Bash visits the indomitable Catherine, who is drinking red wine from a silver grail, and asks her why she’s pushing the marriage. Catherine slimily says that he’s, “overstepping your bounds as her… brother. It wouldn’t be the first time.” She tells Bash how much she treasures her family, as she looks at a gorgeously handwritten list of all her children. She tells him of the twins who died, and as she speaks of them, she looks over to her bed where she sees the creepy twins. (Is this Reign or The Shining?) Bash leaves, advising Catherine to care for Claude who is alive, when he sees her go over to the bed and tuck in imaginary children. Is Catherine going to go down the same cray-cray path as her late husband Henry?
After leaving Catherine, Bash goes to investigate Narcisse’s home. He does not find the evidence he needs. It seems Narcisse discovered Lola’s plan to frame him and destroyed the evidence. Francis warns Lola that now that Narcisse knows of Lola’s betrayal, he will be out to get vengeance.
Back in the dungeon, Francis goes to a dark place. He has the minister tortured on the rack, as he demands to know the whereabouts of the explosives. This show might not be too correct with costumes (not complaining!), but it does have its medieval torture chamber fact checked. Francis goes too far, and just as Mary arrives, the minister’s bone is dislodged from the socket. The minister’s health quickly goes down hill, as his life comes close to an end. Bash takes the minister on a cart to return him to the forest from whence he came, and they get attacked by the band of renegade Protestants. Bash takes an arrow to the chest, but is only slightly bewildered, for he is able to follow a conversation between the renegade leader and the minister, in which the renegade leader reveals that the minister was always meant to be a martyr for the cause. This is news to the minister, who actually thought there were explosives. But he doesn’t have too much time to ponder on it, as the renegade Protestant impales him on his sword.
Narcisse creepily pops into Lola’s bedroom chamber to confront her about framing him as well as ask her for her response to becoming his mistress. He again walks the line of sexy and serial killer (he’s channeling his inner Edward Cullen). But Lola isn’t scared, because he threatened her baby and her friend, the queen. He tells her that he never actually intended to harm her child, and tells her that regardless of him, her baby is always going to be in danger. He leaves her with this thought: She could have used a dangerous man in a dangerous world to protect her from danger. Lola is all at once emboldened, scared, angry, and aroused.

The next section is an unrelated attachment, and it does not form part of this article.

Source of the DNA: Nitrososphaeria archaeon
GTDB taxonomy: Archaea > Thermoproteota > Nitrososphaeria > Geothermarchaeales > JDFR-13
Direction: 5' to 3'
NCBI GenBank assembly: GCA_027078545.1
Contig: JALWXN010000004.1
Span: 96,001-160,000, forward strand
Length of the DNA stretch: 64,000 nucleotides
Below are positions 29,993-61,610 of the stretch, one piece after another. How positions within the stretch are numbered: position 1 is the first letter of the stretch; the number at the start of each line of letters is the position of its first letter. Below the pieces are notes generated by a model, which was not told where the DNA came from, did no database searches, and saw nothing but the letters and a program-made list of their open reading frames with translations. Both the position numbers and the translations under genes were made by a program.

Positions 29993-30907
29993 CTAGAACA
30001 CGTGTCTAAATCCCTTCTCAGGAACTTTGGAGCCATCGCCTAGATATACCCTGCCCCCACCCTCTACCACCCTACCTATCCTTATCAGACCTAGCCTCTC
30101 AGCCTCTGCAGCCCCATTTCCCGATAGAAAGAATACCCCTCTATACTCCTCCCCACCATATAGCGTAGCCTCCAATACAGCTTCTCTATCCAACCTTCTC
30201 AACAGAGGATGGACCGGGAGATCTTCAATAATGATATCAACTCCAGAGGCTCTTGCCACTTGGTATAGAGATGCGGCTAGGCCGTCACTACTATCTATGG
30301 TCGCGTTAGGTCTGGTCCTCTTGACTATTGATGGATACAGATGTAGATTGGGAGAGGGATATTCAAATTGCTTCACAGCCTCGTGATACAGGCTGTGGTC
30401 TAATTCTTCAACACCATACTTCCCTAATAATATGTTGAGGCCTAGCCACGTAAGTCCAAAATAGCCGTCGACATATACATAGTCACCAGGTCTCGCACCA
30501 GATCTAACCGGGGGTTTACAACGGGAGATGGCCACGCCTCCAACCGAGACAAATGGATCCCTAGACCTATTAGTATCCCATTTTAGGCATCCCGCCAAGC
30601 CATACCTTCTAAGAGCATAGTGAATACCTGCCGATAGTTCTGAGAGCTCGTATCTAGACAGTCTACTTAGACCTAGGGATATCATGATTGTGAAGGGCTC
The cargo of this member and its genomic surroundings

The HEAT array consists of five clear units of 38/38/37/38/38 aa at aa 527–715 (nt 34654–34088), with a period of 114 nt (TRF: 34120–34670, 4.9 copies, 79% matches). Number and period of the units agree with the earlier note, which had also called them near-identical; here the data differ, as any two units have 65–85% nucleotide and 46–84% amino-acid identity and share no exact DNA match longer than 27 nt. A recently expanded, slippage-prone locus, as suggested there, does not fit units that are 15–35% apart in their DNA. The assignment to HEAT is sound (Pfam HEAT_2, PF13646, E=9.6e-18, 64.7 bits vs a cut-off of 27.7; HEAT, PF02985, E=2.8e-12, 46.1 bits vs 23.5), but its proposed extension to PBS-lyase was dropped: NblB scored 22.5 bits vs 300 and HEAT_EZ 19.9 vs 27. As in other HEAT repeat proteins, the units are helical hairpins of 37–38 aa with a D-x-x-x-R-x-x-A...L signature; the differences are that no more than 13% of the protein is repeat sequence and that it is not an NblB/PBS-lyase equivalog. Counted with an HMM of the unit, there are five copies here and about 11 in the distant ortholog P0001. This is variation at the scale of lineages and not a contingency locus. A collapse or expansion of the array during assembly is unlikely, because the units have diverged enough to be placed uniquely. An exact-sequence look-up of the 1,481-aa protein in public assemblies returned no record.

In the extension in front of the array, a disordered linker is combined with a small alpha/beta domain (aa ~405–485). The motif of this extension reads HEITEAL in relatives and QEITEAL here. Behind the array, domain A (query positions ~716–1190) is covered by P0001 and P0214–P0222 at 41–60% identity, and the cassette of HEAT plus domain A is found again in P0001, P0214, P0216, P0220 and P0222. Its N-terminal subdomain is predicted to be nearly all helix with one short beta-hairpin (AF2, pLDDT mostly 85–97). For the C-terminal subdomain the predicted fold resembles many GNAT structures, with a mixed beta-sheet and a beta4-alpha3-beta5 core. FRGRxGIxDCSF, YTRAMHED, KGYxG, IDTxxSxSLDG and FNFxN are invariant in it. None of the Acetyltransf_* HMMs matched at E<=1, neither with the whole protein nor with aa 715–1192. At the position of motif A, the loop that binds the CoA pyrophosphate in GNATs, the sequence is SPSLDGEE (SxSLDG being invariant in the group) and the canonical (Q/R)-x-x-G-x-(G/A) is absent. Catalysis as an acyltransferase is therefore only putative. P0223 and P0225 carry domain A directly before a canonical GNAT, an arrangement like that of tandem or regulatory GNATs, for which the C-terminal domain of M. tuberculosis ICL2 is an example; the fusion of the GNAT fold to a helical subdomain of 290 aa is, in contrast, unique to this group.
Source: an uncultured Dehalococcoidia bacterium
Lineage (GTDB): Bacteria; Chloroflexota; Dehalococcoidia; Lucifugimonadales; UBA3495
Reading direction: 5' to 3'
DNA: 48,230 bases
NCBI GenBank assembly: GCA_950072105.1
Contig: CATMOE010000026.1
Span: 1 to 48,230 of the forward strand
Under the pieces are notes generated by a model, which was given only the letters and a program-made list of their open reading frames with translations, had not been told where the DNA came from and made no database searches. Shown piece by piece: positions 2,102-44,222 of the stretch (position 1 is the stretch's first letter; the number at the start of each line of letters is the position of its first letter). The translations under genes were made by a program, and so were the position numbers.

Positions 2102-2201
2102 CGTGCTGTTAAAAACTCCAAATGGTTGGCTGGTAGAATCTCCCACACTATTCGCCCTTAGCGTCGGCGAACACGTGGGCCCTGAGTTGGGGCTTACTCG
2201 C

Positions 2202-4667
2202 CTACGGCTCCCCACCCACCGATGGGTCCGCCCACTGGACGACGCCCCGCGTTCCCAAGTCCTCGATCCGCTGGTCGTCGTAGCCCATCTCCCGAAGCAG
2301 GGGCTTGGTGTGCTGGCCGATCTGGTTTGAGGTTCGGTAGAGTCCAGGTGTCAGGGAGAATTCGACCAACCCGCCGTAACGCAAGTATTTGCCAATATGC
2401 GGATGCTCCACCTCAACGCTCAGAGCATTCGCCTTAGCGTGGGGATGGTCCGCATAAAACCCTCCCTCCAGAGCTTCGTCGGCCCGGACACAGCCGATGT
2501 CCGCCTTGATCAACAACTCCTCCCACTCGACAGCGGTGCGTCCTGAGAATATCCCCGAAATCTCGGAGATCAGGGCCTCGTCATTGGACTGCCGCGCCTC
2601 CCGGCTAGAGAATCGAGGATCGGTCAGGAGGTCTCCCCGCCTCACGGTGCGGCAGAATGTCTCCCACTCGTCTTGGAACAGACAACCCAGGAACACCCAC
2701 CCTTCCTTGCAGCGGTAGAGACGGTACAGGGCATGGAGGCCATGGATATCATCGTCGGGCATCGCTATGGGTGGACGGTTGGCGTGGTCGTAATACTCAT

And now for the virginity test, where girls who love princess stories realize it must have actually sucked to live in olden times. During the despicable test, where old men off camera grope into the poor princess’ nether regions to check for her maidenhead, Catherine’s motherly instinct comes out, and she kindly places her hand on her daughter’s. Yeah, Catherine, like that’s going to make up for subjecting Claude to this crap. After the “wretched procedure,” Catherine sits with her daughter and affectionately coils her curls around her fingers. As she does that, she sees the Shining twins again and has a flashback of Claude as a little girl being villainous toward the little twin girls as babies. Claude can’t stand the babies because they fiddled with the roses on her dress. She’s pulled out of her flashback, and as Claude cries and begs her mother not to make her leave, the little Shining girls give Catherine a creepy look. Catherine snaps from motherly to possessed, and says in a subdued voice, “It’s done.”
Don’t be so sure, Catherine, for Claude is your own daughter, and has inherited your daring ways. At the banquet hall that evening for dinner, just when the Bavarians have accepted Claude as a suitable spouse, Claude enters grandiosely in her ball gown and grinds on Narcisse’s lap. She gets up, passes Narcisse his cape to cover his happy stick, glares at her mother, and walks off. Her mother sees the ghosts of the two little girls trailing Claude. Insert flashback of Catherine mourning her two deceased twin babes. The physician says they were suffocated, and reveals that he found red rose petals (seemingly the one’s from Claude’s dress) in each of their throats. So that’s why she’s all weird around Claude!
Bash returns to the castle to tell them what has happened, when they hear that in the town center the minister has been crucified upside down. The peasants and townspeople believe it was the crown that killed the minister. The renegade Protestants have made a martyr of the minister, and the people stand up in revolt against the Cardinal’s soldier and the crown. Mary tells Francis that this is his fault, and that she is forever disappointed in him, with the cutting words, “I have lost all faith in you, and the man I thought you were.”
Back in the nursery, Francis looks upon his baby, when Lola enters. He is desperate over every aspect of his life except the child, and Lola tells him he is a good man, and that she understands everything he does he does for the good of others.
Will Mary and Francis ever find peace and live happily ever after? Well, if you don’t want any spoilers, avoid the real Mary Queen of Scots’ Wikipedia page. Avoid it like the plague (couldn’t help myself).